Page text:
In most cases, the appellate court’s order denying your civil writ petition is a summary order consisting of a single sentence. The order provides no reason for the court’s denial of your petition. Typically, the courts of appeal deny writ petitions because the arguments do not meet certain criteria for the subject matter, the circumstances of the lawsuit are unsuitable, the matter is not sufficiently urgent for the court to address in that the ruling is not irreparably harming a party’s legal rights, or the issue can be raised later on appeal.
Furthermore, appellate courts are hesitant to be actively involved in reviewing pieces of the trial court’s proceedings. Instead, the appellate courts prefer that the litigants finish the suit at the trial court level, receive a final judgment, and then appeal the ruling if they find it unjust or incorrect.
Alternatives to a Civil Writ
If you receive a denial of your writ petition, your only option is to wait until the trial court has heard your entire case and issued a final judgment. You then can file an appeal of the final judgment if you choose. You have the legal right to file a civil appeal as long as you file your Notice of Appeal on time.
How to Maximize Your Chances of Obtaining Writ Relief
You generally must meet the following three requirements for an appellate court to grant a civil writ petition:
- You have no other plain, speedy, and adequate legal remedy;
- You will suffer irreparable injury if such relief is not granted; and
- You have a beneficial interest in the outcome of the lawsuit.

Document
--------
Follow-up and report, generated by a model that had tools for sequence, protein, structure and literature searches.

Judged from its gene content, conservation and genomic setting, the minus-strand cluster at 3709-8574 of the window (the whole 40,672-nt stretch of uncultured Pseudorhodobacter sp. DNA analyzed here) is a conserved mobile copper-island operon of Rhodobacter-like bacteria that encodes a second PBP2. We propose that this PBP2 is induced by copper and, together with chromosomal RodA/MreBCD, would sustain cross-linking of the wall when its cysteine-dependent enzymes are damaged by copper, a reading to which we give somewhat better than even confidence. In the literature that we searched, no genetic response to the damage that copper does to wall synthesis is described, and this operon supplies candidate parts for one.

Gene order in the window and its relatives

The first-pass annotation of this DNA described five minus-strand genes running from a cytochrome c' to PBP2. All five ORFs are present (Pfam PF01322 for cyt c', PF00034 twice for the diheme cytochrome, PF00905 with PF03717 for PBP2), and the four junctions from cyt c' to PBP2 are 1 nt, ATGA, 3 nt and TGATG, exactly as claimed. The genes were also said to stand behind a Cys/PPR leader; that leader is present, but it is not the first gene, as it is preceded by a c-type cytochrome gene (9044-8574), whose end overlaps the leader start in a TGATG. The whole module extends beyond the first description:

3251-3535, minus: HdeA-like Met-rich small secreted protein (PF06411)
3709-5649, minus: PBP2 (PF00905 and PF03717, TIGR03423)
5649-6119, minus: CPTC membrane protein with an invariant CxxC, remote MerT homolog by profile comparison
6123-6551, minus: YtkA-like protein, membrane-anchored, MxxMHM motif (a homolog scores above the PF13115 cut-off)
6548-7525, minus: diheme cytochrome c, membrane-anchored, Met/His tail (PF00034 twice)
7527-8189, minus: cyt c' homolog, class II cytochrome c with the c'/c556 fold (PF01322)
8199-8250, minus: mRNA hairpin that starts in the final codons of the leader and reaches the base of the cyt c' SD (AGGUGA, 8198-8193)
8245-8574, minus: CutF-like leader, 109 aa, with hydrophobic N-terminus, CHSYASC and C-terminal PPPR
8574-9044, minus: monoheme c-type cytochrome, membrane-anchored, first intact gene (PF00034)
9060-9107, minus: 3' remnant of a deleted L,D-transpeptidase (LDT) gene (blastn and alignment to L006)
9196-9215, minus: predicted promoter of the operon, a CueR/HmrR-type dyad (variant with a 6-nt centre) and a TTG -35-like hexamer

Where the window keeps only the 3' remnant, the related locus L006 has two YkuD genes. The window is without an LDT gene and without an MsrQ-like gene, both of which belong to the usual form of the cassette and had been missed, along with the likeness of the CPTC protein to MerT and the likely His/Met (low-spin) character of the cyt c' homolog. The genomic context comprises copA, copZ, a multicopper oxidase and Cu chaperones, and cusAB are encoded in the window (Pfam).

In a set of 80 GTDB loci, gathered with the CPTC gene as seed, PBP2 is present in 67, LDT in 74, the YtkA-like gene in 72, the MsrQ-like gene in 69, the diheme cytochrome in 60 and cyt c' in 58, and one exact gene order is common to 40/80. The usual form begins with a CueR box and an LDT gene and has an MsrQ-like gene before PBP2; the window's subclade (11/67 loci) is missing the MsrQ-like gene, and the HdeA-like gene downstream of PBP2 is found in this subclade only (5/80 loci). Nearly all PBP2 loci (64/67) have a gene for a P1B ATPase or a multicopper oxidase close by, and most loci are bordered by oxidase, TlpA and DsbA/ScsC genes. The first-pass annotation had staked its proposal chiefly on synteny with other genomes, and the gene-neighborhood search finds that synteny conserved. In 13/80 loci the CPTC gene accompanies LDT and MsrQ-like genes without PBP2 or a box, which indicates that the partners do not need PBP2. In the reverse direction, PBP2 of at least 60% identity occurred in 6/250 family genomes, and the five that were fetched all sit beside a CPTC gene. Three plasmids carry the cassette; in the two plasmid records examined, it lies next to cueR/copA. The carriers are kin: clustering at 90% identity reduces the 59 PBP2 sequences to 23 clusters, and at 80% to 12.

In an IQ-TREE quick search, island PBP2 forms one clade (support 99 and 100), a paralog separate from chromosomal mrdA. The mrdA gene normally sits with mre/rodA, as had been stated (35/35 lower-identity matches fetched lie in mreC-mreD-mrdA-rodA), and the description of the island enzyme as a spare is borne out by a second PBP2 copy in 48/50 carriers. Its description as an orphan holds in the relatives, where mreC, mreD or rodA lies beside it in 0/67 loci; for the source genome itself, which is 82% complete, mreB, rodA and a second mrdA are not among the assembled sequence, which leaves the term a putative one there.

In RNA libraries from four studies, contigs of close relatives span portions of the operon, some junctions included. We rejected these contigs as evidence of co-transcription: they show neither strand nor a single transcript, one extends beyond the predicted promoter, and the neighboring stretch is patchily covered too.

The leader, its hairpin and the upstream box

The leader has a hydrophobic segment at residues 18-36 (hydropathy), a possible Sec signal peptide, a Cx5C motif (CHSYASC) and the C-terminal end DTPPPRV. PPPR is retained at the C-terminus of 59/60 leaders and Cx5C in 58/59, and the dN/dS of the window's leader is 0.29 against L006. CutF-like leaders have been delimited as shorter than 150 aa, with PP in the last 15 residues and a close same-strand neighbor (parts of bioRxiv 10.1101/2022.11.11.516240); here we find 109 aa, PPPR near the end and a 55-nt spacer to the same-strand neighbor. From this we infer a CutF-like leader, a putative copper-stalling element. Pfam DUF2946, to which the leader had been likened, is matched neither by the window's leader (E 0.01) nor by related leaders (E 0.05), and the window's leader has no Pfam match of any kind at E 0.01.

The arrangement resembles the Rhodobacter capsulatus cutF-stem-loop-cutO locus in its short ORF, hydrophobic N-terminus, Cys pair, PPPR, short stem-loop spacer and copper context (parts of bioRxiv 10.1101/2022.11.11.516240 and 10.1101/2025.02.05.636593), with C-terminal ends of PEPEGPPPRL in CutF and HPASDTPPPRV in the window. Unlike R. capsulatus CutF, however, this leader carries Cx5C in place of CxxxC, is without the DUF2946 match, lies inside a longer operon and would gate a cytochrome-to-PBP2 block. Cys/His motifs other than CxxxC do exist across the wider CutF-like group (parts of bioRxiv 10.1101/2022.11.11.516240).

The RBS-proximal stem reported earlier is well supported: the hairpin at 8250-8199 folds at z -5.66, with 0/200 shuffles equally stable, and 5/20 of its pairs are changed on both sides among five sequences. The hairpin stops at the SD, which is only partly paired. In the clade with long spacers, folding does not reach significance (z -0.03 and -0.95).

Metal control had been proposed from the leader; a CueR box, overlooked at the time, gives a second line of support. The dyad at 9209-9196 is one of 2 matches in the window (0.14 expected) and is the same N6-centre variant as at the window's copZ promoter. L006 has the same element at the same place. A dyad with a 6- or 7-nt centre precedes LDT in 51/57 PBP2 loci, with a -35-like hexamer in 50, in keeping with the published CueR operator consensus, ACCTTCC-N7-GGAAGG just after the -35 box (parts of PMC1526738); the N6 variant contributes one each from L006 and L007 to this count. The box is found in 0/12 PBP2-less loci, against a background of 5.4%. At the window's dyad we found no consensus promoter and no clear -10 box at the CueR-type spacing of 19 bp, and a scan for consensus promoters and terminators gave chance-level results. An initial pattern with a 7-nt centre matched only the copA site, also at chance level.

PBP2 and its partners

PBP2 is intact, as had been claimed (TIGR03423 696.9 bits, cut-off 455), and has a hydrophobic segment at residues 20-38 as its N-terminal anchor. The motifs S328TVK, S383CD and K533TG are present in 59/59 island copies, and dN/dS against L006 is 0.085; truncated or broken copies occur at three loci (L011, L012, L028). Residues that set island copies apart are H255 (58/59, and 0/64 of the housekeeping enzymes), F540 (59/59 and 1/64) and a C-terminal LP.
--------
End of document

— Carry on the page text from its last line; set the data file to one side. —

You also will maximize your chances of having an appellate court review your writ petition if you meet any of the following criteria:
- The writ concerns an issue that presents a significant constitutional issue, newly enacted legislation, or a matter of widespread interest.
- The writ is necessary to correct a ruling that substantially deprives the petitioner of the opportunity to plead or present a substantial portion of the claim.
- The writ involves an opportunity to resolve conflicting interpretations of a law by the trial courts.
- The lower court’s ruling is clearly erroneous and causes substantial prejudice to the petitioner.
- The litigant seeking the writ does not have a direct appeal by which to attain relief.
Get Legal Representation with Your Writ Petition Today
Working with an experienced California appellate attorney is crucial to succeeding with a writ petition. The attorneys at Evans Kingsbury LLP have presented many writ petitions, and our track record speaks for itself.
Noreen Evans has been certified by the State Bar as a specialist in civil writs and appeals.
Deirdre Kingsbury and Noreen Evans are experienced appellate attorneys who will represent your interests in filing or defending against writ petitions, appeals, or civil litigation. Call an appellate lawyer at our law firm today at (707) 596-6090 or contact us online and schedule a time to discuss your legal matter.